On respondents' appeal, the Second Circuit affirmed all but the District Court's treatment of the NEPA claim. See Trinity Episcopal School Corp. v. Romney, 523 F.2d 88
(1975). While the Court of Appeals agreed with the District Court that HUD was not required to prepare a full-scale environmental impact statement under § 102(2)(C) of NEPA, 42 U.S.C. § 4332(2)(C), it held hat HUD had not complied with § 102(2)(E),1 which requires an agency to
study, develop, and describe appropriate alternatives to recommended courses of action in any proposal which involves unresolved conflicts concerning alternative uses of available resources.
42 U.S.C. § 4332(2)(E). See 523 F.2d at 995. According to the Court of Appeals, any consideration by HUD of alternatives to placing low-income housing on the site "was either highly limited or nonexistent." Id. at 94. Citing the "background of urban environmental factors" behind HUD's decision, the Court of Appeals remanded the case, requiring HUD to prepare a "statement of possible alternatives, the consequences thereof and the facts and reasons [100 S.Ct. 499] for and against. . . ." Ibid. The statement was not to reflect "HUD's concept or the Housing Authority's views as to how these agencies would choose to resolve the city's low income group housing situation," but rather was to explain
how, within the framework of the Plan, its objective of economic integration can best be achieved with a minimum of adverse environmental impact.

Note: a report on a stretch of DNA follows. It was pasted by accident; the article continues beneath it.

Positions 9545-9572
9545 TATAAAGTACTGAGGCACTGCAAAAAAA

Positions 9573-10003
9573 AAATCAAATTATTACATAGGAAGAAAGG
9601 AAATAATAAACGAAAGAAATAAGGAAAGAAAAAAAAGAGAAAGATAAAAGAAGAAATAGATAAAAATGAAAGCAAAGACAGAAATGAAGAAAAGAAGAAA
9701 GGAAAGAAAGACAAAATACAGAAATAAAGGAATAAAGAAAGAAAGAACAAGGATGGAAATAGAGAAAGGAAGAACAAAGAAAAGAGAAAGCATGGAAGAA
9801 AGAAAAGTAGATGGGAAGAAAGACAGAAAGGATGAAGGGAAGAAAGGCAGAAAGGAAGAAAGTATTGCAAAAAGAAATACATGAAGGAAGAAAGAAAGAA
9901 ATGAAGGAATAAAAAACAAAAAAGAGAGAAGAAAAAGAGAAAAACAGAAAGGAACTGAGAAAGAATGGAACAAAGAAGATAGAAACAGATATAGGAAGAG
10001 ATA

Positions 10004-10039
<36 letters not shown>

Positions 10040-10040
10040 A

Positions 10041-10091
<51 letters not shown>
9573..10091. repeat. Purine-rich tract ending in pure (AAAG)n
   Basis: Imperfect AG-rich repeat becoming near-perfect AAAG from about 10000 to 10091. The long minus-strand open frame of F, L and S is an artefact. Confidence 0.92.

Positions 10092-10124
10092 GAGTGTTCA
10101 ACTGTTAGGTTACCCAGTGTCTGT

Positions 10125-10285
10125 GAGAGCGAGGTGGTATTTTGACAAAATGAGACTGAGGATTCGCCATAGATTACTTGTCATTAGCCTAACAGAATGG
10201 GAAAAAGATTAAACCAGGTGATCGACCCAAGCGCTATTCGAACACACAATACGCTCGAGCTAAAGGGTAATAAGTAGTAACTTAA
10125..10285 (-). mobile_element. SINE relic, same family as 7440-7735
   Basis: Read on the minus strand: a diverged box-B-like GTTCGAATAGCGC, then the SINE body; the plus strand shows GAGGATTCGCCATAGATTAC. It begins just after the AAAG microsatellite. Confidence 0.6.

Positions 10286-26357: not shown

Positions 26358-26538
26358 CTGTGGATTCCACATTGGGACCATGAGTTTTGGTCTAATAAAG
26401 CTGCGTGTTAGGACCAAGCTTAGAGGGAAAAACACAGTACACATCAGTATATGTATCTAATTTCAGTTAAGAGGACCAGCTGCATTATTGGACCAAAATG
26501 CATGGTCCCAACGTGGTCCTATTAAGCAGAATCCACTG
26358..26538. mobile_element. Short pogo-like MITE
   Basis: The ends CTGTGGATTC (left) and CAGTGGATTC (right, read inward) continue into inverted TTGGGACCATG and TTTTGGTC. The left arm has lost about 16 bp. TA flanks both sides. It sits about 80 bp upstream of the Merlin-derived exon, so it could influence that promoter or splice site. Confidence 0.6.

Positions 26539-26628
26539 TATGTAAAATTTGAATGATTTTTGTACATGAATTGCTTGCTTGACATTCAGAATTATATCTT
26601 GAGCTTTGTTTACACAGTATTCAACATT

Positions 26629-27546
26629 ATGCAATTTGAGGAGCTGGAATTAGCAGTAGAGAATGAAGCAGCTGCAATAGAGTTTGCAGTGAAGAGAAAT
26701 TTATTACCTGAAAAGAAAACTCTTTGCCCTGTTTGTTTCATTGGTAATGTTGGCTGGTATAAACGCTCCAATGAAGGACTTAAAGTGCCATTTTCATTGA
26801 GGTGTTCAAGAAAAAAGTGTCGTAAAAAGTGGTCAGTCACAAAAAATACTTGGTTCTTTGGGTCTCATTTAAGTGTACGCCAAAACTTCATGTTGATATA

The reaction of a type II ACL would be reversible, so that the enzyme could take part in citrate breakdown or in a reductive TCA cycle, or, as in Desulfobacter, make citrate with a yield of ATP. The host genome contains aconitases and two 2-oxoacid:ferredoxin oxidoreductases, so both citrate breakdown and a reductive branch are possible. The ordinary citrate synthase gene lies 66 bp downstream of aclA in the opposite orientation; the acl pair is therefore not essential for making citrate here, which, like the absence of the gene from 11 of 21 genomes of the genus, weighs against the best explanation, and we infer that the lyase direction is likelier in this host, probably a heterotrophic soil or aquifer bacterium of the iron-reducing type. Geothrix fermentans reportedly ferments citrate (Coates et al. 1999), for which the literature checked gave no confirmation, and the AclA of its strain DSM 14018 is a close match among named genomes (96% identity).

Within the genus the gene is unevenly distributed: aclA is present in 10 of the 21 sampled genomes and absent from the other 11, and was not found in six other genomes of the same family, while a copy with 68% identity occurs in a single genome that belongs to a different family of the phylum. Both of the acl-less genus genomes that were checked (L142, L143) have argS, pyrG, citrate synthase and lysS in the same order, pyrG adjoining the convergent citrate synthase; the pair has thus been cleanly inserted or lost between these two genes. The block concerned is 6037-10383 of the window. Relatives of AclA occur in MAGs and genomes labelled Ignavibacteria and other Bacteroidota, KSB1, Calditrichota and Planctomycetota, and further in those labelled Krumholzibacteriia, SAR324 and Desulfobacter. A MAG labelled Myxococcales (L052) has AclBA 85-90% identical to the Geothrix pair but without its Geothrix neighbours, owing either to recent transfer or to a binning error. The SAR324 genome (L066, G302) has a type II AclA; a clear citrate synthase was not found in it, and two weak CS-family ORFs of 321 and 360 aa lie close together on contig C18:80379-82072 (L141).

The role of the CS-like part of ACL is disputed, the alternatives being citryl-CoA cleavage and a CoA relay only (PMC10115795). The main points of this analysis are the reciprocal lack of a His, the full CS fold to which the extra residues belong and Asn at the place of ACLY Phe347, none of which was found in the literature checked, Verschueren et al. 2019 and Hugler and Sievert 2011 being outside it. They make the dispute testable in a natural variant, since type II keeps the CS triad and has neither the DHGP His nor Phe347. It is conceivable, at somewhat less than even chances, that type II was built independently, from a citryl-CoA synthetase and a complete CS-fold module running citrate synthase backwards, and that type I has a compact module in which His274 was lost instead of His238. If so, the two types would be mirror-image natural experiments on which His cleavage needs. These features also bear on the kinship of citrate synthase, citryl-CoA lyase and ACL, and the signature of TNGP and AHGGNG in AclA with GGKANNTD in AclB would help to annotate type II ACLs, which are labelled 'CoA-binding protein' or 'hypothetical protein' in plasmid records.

Ibid. The Court of Appeals believed that, given such an assessment of alternatives, "the agencies with the cooperation of the interested parties should be able to arrive at an equitable solution." Id. at 95.
On remand, HUD prepared a lengthy report entitled Special Environmental Clearance (1977). After marshaling the data, the report asserted that,
while the choice of Site 30 for development as a 100 percent low-income project has raised
valid questions about the potential social environmental impacts involved, the problems associated with the impact on social fabric and community structures are not considered so serious as to require that this component be rated as unacceptable.
Special Environmental Clearance Report 42. The last portion of the report incorporated a study wherein the Commission evaluated nine alternative locations for the project, and found none of them acceptable. While HUD's report conceded that this study may not have considered all possible alternatives, it credited the Commission's conclusion that any relocation of the units would entail an unacceptable delay of two years or more. According to HUD,
[m]easured against the environmental costs associated with the minimum two-year delay, the benefits seem insufficient to justify a mandated substitution of sites.
Id. at 54.
After soliciting the parties' comments on HUD's report, the District Court again entered judgment in favor of petitioners. See Trinity Episcopal School Corp. v. Harris, 445 F.Supp. 204 (1978). The court was "impressed with HUD's analysis as being thorough and exhaustive," id. at 209-210, and found that "HUD's consideration of the alternatives was neither arbitrary nor capricious"; on the contrary, "[i]t was done in good faith and in full accordance with the law." Id. at 220.
On appal, the Second Circuit vacated and remanded again. Karlen v. Harris, 590 F.2d 39 (1978). The appellate court focused upon that part of HUD's report where the agency considered and rejected alternative sites, and in particular upon HUD's reliance on the delay such a relocation would entail. The Court of Appeals purported to recognize that its role in reviewing HUD's decision was defined by the Administrative Procedure Act (APA), 5 U.S.C. § 706(2)(A),...